the reason is that a perception 00:10:38 is kind of perceptual in structure and the buddhist world encodes this by arguing that the internal um sense the the manus venana is a sense faculty just like external faculties 00:10:52 and so just as our external faculties present us with a world that just seems to us even though we know it's not to be just as it is that we see it just as it is 00:11:03 it's tempting to think that we've got this apparent object distinct from our sensory apprehension of it but is but an object that's presented by a completely veritable process 00:11:15 because as i say perception just feels like it presents the world to us as it is i look at a red apple and i think damn i know exactly what that apple smells like looks like tastes like and 00:11:27 feels like forgetting that all i have is the apple as it's mediated by the peculiar perceptual system that i have and by all of the conceptual resources through which i filtered my perception 00:11:41 so in the same way a perception or introspective awareness just feels like it presents our own cognitive affective and perceptual states to us just as they are 00:11:53 independent of that appreceptive system and those conceptual categories so just as external perception gives us the illusion that we're just detectors of the world as it is inner perception can give us the illusion that we are just 00:12:06 detectors of our inner um our inner world just as it is so even when we remind ourselves as i'm reminding you right now of this 00:12:18 extremely complex mediation of our perceptual encounter with external objects we find ourselves in constantly experiencing our own experience as though 00:12:31 we've got the world just as it is and then we sometimes say okay maybe we're not getting the world just as it is but at least i'm getting my sensory experiences just as they are the apple might not be red but the redness i 00:12:42 experience is exactly the redness that i think i experience the sweetness that i introspect must be the sweetness just as it is and so forth so even if we give up for a moment and it's hard to give it up 00:12:54 for more than that the notion of immediacy with regard to external perception we often retreat to thinking that that's mediated but my awareness of my own inner episodes is the immediate 00:13:06 awareness that mediates my knowledge of the external world and i think that in the sense of that perception that sense of immediacy is even greater it's really hard for us to be convinced that our inner experience 00:13:20 could possibly be deceptive we seem to think that if i think that i believe something i must believe it if i think that i'm feeling something i must be feeling it and that feeling and that believing grab my inner 00:13:33 reality just as it is and so part of the problem that arises is that the mediation of our introspective awareness by our introspective faculty becomes 00:13:46 cognitively invisible to us just as what i'm seeing the world my visual faculty is invisible and it just delivers a visible world to me and i have to really think to to understand 00:13:58 what my own visual faculty visual organ and visual consciousness are contributing i think i experience my introspective faculty as just giving me inner objects and i have to think and remind myself 00:14:11 that actually my inner sense faculty is also a fallible instrument and that i may be misusing that instrument or that instrument might be intrinsically deceptive and that's a hard thing to get one's mind around 00:14:25 as a consequence we've become seduced by this idea that even if our knowledge of some things is mediated that mediation can't go all the way down we get seduced by the idea that there's got to be a 00:14:38 basic foundational level of experience to which we can have some kind of immediate access and to which when we know it we know it absolutely veritically in the theory of knowledge that leads us to foundationalism in the 00:14:51 philosophy of mind it leads us to sense datum theory um and i find that in a lot of buddhist situations a lot of buddhist practitioners take it to be this idea of an infallibility of an immediate kind of 00:15:03 experience if i'm sitting on the cushion just right so with all of that in play um i want to move to exercising that myth of the given that i've been characterizing 00:15:16 and to show that buddhist philosophy offers us powerful ways of doing that and i'm going to begin by talking about first person knowledge through the lens of the madhyamaka tradition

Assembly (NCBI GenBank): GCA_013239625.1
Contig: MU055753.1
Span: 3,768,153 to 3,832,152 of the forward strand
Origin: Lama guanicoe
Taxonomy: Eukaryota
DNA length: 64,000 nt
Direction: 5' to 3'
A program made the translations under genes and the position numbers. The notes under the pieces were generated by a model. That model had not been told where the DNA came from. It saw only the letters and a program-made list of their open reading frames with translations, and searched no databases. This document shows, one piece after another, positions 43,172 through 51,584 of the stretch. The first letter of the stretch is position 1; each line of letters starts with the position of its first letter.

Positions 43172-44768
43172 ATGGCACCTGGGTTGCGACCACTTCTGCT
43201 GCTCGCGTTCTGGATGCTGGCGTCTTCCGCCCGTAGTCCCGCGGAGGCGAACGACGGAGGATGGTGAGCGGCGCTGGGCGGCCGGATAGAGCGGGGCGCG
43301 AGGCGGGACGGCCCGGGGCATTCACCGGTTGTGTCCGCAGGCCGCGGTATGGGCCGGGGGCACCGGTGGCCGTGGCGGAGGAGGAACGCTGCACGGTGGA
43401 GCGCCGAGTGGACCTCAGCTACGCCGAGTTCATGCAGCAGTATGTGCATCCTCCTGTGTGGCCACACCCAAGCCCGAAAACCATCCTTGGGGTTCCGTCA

Jay emphasizes the compelling sense of this allure of immediacy. We believe that our perceptual and our introspective faculties give us an infallible representation of reality, and never question that it could be fallible.